Tuesday, January 6, 2009

Predicting Weather

Essential Question: How do we predict weather?

I was a fifth grade teacher for 18 years back in the 70's and 80's in a small rural school in Maine. During that time, we always created a weather station with a combination of store-bought and "home-made" instruments to make daily predictions. Now, of course, in addition to the local news weather and the Weather Channel, there are numerous places to find detailed predictions on the Web based on the very latest technologies. There are tons of webquests. My question is this: With all the instant ways of finding a prediction, why bother getting our hands dirty to create these tools?

My answer, on reflection, is that the wonderful digital resources on the web simply don't allow us to experience at a gut level the joy of creating and manipulating these hands-on tools. Experiencing the natural world directly gives us roots while at the same time offering us the opportunity to feel capable and self-reliant.

What are the limits of information technology in growing kids who feel connected, loved, and capable?

Make Your Own Weather Station
Making Weather Tracking Tools
Building and Using a Homemade Weather Station
Weather Wiz Kids
Web Weather for Kids
Weather Basics
Weather Resources for Students
Lesson Plan: Weather Tools of the Trade
42exlore: Weather
Kathy Schrock: Weather Resources
eThemes Search
K12 Station: Weather (Grades 3-5)
K12 Station: Weather (Grades 6-8)

Maine Weather Notes (John Briggs)
MLR for Science & Technology

6 comments:

Lauren Rosen said...

Agreed Jim, but why not have kids do things "yesterday's way" and then compare their predictions to the current web technology. Then discuss/determine why their predictions were the same or different from the web information. Then compare that to local news or other lands and predictions they can make about other places. Seems like yesterday's way would serve as a great springboard for higher level thinking about a topic they didn't have the opportunity to get as deeply into before.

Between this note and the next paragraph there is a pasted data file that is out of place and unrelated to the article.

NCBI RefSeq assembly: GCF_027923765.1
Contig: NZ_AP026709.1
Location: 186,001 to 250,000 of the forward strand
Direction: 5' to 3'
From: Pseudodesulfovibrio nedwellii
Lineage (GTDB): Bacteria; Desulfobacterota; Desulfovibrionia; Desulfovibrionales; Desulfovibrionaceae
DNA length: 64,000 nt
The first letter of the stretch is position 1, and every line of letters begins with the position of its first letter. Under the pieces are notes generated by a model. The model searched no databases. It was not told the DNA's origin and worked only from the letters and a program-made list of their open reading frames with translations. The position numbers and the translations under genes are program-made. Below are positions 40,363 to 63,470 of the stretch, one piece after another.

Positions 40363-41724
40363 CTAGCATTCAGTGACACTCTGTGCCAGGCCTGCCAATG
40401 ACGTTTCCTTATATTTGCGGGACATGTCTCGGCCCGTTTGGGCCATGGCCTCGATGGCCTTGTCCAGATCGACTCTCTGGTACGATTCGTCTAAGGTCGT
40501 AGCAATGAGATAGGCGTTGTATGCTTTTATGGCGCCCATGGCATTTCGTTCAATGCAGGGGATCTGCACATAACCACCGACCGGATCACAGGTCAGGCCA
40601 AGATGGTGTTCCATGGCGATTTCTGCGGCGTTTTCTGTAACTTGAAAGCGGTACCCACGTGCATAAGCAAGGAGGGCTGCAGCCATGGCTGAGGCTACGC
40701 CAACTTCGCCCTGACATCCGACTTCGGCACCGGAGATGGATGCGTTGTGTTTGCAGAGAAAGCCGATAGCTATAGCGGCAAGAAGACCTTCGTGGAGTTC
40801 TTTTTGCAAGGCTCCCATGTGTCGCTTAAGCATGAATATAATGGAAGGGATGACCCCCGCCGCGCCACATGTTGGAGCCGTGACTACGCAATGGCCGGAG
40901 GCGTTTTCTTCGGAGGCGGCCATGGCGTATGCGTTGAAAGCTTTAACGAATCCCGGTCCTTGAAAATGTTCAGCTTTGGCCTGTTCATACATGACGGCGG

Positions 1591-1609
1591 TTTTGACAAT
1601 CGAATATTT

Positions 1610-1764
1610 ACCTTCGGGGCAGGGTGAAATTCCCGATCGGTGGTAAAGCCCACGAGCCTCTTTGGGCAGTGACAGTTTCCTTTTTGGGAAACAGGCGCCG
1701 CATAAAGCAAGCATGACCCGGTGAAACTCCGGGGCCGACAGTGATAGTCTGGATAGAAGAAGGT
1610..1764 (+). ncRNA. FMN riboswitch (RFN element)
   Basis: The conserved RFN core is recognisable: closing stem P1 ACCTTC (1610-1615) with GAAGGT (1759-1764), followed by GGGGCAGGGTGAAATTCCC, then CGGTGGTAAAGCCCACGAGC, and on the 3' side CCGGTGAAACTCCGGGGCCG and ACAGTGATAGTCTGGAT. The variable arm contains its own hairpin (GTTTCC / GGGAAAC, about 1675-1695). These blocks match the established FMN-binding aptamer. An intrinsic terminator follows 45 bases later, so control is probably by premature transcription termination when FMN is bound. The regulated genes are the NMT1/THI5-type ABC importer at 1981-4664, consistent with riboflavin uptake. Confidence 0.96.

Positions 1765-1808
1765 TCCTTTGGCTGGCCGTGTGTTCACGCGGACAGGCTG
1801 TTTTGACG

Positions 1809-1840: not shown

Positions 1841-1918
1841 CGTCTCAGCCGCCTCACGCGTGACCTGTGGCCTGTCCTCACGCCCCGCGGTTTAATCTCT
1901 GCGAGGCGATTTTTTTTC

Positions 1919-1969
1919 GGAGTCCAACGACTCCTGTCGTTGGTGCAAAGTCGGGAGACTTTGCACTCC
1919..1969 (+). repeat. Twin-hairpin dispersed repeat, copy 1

Jim Burke said...

Lauren . . . agreed! It is the starting point I'm concern with. Diving directly into symbols/abstractions without having direct experiences seems questionable to me. Connections need to be made.

jim

aireland said...

Jim - well said. I couldn't agree more. More concrete experiences please!

John Briggs said...

Hi Jim!

I agree with Lauren. I still think the "common sense" ways of old and that gut feeling does much better than the forecast models of today.

Jim Burke said...

John . . so glad you dropped by. I added a link to your *Weather Notes" blog in the post.

Thanks,

Jim

bcdtech said...

Although I am usually a very hands-on science teacher, weather-for 3rd graders- is one where I have moved to a more abstract version. I used to make lots of homemade weather instruments with the kids- even hair hygrometers. Most of the time these did not make it home on the bus. It seemed like we spent a lot of time making them, but then didn't get the use out of them that I would have liked. For the last couple of years I introduce the tools- show both the homemade and the store bought versions. I give the kids directions so that they can make them at home, if they wish. I spend the hours we would have spent on tools looking at weather online and playing with edheads weather.

I'm still not crazy about the way I'm teaching this unit on weather, but my experience has not been great with the homemade versions.

Just finished up today and now moving on to electricity and making cars using Linx materials.